A few minutes into the campus tour, in a room packed with computers and other technologies, a business executive asked to take a photo of a student simultaneously using a desktop computer, tablet, phone and laptop. He had to have the photo. Why?
The executive, who hadn’t been on a college campus in a quarter century, wanted proof of how contemporary students work and was concerned no one would believe him without an image to back the claim.
First-hand observations on college campuses can be a vital tool for businesses as they plan workplaces for a new generation of employees accustomed to studying and working in an environment with little resemblance to the corporate world.
Evolving workplace design is increasingly about fostering productivity and efficiency. Tech companies are leading the way in a move away from rows of cubicles to flexible, reconfigurable work stations and café-style working areas; elements more akin to a college campus than a corporate office.
KI and AECOM are exploring the relationship between new grads and workplace design as part of a seven-year study looking at college workspace design and its influence on the corporate world and how it can be leveraged to recruit and keep young talent.
The second phase of the study, published in 2016, discovered only about 16 percent of companies try to offer spaces designed to help ease new graduates into the workplace.
Finding new talent is one of the major hurdles facing today’s employers - the kind of thing that keeps executive up at night. One element to engaging recent graduates is studying where talent has spent the past several years working and living: college.
College students are accustomed to working in hallways on park benches, in stairwells and quiet spaces. Classroom hours and locations are flexible. A more structured corporate setting can appear too rigid, creating hiring and retention issues. Almost 90 percent of companies experience employees who struggle to adopt corporate work styles as they move from college to the business world.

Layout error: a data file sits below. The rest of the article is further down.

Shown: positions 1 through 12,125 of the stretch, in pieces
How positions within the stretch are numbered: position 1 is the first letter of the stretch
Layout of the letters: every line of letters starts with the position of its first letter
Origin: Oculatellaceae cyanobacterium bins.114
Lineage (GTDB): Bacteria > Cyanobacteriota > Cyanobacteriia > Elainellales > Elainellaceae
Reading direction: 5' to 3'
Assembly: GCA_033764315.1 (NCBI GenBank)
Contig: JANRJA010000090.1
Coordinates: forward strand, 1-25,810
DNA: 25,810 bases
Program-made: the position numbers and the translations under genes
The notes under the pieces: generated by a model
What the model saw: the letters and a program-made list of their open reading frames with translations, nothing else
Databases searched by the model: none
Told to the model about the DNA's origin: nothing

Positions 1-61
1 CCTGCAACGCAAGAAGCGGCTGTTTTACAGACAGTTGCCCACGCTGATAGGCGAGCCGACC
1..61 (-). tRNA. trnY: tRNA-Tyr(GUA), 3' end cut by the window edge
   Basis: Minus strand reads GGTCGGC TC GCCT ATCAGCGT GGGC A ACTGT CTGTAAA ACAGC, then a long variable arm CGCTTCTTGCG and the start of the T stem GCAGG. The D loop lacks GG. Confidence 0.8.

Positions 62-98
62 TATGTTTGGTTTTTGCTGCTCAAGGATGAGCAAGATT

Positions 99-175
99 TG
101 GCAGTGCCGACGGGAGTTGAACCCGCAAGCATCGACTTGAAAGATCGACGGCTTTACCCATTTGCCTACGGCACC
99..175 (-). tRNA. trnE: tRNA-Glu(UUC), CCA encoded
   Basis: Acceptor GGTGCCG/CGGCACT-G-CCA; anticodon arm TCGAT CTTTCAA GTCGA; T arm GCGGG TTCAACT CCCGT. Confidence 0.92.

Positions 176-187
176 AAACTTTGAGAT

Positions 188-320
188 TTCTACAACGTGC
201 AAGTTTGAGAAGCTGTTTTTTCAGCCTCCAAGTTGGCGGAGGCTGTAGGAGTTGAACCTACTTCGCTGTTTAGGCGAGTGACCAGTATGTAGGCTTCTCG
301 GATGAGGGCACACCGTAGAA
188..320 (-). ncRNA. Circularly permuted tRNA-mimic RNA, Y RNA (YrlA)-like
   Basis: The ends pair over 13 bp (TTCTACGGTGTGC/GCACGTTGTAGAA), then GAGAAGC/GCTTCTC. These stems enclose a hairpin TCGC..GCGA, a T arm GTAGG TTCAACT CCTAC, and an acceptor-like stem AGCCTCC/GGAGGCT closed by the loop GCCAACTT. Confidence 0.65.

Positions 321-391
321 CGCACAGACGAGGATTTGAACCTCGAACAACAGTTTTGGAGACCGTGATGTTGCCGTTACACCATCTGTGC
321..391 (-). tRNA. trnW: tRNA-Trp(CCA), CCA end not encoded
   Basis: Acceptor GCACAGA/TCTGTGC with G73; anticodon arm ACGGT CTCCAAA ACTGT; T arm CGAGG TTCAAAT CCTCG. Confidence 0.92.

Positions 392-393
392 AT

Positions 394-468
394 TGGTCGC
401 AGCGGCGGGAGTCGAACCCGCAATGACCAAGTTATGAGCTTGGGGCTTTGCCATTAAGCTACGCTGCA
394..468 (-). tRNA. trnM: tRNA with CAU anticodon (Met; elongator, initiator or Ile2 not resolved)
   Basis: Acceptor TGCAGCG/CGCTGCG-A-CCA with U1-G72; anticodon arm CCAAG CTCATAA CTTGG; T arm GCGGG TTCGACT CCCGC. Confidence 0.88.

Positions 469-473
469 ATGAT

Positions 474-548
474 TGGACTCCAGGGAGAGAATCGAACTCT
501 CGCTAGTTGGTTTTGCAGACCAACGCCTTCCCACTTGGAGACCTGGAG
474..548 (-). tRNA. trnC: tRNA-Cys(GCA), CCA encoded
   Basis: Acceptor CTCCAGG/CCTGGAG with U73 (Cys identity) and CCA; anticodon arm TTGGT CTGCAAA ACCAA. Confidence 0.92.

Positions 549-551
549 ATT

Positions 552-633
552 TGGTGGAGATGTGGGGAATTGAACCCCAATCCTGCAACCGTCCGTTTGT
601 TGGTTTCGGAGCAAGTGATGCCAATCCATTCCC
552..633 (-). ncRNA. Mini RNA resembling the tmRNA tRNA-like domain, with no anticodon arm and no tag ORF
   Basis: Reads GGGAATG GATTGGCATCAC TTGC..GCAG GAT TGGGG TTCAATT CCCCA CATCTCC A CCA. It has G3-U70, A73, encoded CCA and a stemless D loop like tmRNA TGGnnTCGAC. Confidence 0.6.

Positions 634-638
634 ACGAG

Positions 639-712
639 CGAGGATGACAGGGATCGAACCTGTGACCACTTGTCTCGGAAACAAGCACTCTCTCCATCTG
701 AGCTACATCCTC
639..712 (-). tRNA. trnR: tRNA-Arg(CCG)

Enter the campus tour.
As part of the KI and AECOM study, we wanted real-world data. KI took business leaders from Fortune 100 businesses in industries ranging from entertainment to manufacturing and finance to tour several colleges and universities to see how, and where, students worked.
One of the more telling exercises during the tour is visiting areas like student unions and lounges during peak hours and asking the invited executives if students are working or socializing. Often, it’s impossible to tell the difference: books are open, people are eating, there’s talking, but there’s also work being done.
As companies look at integrating college-influenced plans into their own designs, campus visits are one of the key tenets to the transformation. Here are a few things to contemplate when planning a campus visit:
- Visit colleges where you hire but also those that stretch and challenge your company as it relates to talent, growth and culture.
- Select two or three schools and observe students and campus design for half a day.
- Bring a cross-section of staff including human resources, design, facilities, real estate and department leaders.
- Go when school is in session to get an idea of what a “typical” day looks like.
- Compare college work styles and design to those of your business.
- Check out non-traditional spaces, they can influence planning.
Finally, don’t be afraid to take photos or video of anomalies or interesting observations. A photo of a student using four different pieces of technology at once may be just what your organization needs to kickstart a workplace design aimed at young workers.
If you’d like to tour a campus, click below to request a personal tour with the KI team.